Inflammatory pathways and microvascular responses in the lung. (3/1245)

Neutrophil granulocytes constitute an important host defense mechanism, but may at the same time damage functional tissue and propagate acute organ failure. This balance is particularly vulnerable in the lung which provides a large surface area for invading pathogens and microorganisms, and simultaneously harbors a large pool of physiologically marginated neutrophils within its microvascular bed. Pathophysiological stimuli further amplify this accumulation of blood cells and promote the emigration of neutrophils into the pulmonary interstitium and the airspaces by different mechanisms depending on the pathophysiological stimulus, its route of entry into or site of production in the lung, and the time course of its action. Importantly, the pulmonary microvascular endothelium plays a key role in regulating not only sequestration and emigration of neutrophils, but by initiating the inflammatory response to a variety of diverse stimuli many of which do not directly target the circulating neutrophil, but elicit microvascular reactions by primarily acting on the endothelium. This review highlights the inflammatory process in the pulmonary microvasculature with special emphasis on the role of the pulmonary endothelium.  (+info)

Effects of basic fibroblast growth factor on the expressions of angiogenic gene profile and cyclooxygenase-2 in brain microvascular endothelial cells. (4/1245)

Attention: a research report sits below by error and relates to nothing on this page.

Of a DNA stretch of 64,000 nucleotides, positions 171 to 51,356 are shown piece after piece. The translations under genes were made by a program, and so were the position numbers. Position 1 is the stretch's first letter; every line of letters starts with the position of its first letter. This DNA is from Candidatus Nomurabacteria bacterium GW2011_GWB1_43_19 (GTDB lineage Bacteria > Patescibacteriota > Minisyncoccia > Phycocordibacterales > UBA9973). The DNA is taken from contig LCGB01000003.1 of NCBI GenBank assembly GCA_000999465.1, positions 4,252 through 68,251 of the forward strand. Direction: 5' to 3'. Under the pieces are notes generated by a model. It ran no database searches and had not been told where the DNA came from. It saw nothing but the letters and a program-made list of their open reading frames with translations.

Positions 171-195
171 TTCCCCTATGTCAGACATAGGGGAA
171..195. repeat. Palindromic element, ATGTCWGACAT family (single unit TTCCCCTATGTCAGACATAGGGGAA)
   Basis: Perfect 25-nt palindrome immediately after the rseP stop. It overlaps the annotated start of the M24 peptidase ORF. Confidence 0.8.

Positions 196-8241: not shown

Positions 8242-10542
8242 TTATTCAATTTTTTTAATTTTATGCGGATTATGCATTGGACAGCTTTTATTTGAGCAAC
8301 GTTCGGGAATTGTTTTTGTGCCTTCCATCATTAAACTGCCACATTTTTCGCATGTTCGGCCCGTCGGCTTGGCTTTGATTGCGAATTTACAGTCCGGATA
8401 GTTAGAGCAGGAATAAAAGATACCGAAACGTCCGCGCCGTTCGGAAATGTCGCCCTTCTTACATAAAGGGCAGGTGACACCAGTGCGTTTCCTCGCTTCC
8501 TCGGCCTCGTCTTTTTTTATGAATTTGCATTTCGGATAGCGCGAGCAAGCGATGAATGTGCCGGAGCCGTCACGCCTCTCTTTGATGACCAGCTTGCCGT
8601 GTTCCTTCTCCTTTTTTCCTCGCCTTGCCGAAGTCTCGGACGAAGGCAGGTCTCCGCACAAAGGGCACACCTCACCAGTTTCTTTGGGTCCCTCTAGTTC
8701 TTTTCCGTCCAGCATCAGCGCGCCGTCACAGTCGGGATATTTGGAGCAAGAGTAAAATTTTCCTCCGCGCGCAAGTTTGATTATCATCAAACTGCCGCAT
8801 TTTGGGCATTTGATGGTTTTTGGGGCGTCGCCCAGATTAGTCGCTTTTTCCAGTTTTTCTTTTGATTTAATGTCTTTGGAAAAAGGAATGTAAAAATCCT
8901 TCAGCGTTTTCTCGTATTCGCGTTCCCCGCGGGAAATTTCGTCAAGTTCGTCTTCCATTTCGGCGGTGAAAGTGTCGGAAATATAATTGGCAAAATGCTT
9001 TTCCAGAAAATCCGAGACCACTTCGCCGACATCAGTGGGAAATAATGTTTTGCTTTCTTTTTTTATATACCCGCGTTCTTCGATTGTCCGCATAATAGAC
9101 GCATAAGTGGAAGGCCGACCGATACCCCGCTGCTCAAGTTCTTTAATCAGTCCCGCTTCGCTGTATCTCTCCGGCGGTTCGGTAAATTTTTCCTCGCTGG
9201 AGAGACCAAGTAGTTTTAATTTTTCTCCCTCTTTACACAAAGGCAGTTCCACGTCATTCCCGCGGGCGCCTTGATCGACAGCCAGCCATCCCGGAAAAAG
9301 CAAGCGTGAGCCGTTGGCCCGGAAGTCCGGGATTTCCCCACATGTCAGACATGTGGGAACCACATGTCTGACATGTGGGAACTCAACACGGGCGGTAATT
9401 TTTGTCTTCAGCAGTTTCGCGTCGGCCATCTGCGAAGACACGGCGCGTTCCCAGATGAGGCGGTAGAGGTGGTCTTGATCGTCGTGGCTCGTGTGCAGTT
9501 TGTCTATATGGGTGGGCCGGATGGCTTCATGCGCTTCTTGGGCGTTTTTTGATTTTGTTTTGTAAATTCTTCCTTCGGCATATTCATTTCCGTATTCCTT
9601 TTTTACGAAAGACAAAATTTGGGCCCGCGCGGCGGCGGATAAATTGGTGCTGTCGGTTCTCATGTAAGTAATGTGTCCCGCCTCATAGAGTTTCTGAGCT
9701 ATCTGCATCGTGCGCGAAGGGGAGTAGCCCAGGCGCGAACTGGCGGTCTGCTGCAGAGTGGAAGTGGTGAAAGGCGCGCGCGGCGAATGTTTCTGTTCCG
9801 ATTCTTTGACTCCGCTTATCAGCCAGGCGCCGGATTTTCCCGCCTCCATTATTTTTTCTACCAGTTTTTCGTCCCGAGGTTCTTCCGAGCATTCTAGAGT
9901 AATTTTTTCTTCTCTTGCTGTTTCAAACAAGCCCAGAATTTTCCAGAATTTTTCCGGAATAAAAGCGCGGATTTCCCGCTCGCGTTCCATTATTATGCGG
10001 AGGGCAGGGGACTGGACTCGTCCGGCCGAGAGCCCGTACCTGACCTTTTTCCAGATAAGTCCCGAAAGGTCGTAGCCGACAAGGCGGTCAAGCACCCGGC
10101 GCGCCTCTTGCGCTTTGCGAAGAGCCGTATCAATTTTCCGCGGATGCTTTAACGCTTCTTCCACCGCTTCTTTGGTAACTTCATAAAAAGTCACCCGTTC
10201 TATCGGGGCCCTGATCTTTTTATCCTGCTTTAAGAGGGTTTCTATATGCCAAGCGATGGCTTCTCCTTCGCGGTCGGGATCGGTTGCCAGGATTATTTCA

The present study aimed to investigate the effects of basic fibroblast growth factor (bFGF) on the expressions of angioge-nesis-related genes in a mouse brain microvascular endothelial cell line, namely bEnd.3, using cDNA microarray. The effects of bFGF (10 ng/ml) on mRNA and protein expressions of cyclooxygenase-2 (COX-2), an angiogenesis bystander molecule, were further investigated. cDNA microarray was employed to study the effects of bFGF on the expressions of angiogenic genes in a high throughput pattern. RT-PCR was used to study the effect of bFGF on COX-2 mRNA expression. Western blot and immunocytochemistry were utilized to study the effect of bFGF on COX-2 protein expression. The results showed that, 2 h after bFGF treatment, pro-angiogenic genes (Adamts1, MMP-9, Ang-1, PDGF B, G-CSF, FGF16, IGF-1, etc.) were significantly upregulated, whereas anti-angiogenic genes (TIMP-2, TSP-3, etc.) were significantly downregulated. The bystander molecule in angiogenic pathway COX-2 mRNA and protein expressions were significantly upregulated after bFGF treatment. It is suggested that triggering angiogensis switch through upregulating pro-angiogenic gene and downregulating anti-angiogenic gene expression is one of the major mechanisms of bFGF-induced angiogenesis. The expression change of COX-2, as a bystander molecule, was observed after bFGF treatment in bEnd.3 cells and the significance was discussed.  (+info)